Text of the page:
San Francisco's Vintage Buses

No. 2230

Mack Diesel Coach

Built 1956 • Operational

This type of bus is iconic to San Franciscans of a certain age, for it carried them to school, to work, to shop, and to play for well over a decade.

Mack Diesel CoachFounded as Mack Brothers in Pennsylvania in 1900, and currently owned by Volvo, the company because famous for its tough-as-a-bulldog trucks. In fact, the bulldog became Mack’s symbol. Back in the day, if someone appeared looking beat up, they might be told “You look like you were hit by a Mack truck!”

But for a time after World War II, Mack also built buses. When Muni needed to replace its aging fleet of White Motor Co. gasoline coaches in the mid-1950s, and money was very tight, Mack was the only bus builder willing to lease a large fleet of buses to Muni, rather than requiring Muni to buy them.

The Macks were the first diesel-powered buses acquired by Muni. The first group of what would ultimately become 450 Muni Macks arrived in November 1955. This bus was part of the second group, arriving in 1956. More new Macks continued to arrive until 1960. The lease agreement called for the buses to be replaced with new models after just six years of service, but Mack exited the bus business before that, and most of the Macks ran a dozen or more years before Muni began replacing them in 1969 with GMC “New Look” buses.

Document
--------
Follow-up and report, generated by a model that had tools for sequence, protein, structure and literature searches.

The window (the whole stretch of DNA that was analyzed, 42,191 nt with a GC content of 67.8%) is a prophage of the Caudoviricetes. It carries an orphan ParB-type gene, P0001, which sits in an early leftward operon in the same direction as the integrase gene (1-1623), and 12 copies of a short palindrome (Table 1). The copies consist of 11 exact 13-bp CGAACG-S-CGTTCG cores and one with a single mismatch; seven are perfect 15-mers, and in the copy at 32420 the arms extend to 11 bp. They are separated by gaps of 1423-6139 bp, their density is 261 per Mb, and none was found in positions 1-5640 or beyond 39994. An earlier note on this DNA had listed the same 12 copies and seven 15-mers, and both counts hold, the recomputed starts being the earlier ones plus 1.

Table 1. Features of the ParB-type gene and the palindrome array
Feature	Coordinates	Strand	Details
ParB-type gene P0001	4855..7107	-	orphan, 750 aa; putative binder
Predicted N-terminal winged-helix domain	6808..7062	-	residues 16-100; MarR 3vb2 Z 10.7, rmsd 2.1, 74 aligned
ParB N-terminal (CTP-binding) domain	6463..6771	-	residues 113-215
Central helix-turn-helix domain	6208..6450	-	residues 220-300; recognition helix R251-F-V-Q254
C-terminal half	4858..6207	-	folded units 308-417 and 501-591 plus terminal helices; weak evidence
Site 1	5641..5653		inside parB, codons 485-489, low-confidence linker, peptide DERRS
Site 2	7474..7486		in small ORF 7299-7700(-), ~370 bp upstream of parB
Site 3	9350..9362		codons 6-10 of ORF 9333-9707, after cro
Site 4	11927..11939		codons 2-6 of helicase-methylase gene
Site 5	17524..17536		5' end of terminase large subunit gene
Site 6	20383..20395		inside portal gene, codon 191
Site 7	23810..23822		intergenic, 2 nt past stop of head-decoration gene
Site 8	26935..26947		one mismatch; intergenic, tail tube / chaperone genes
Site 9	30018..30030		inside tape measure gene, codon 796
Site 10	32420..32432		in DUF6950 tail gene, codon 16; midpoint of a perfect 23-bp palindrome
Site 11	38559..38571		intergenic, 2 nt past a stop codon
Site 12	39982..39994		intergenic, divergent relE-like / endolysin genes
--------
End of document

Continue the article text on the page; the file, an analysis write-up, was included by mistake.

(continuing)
Mack Diesel Coach
Macks (and a couple of old Whites) provide express service for a Giants game at Candlestick Park, 1960. SFMTA Archive
Mack Diesel Coach
First-in-the-class Mack Coach 2100 on Clarendon Avenue, serving the disappeared 34-Woodside line. Don Jewell photo
Mack Diesel Coach
Mack Coach 2230 on display at Ferry Plaza during its rehabilitation. Rick Laubscher photo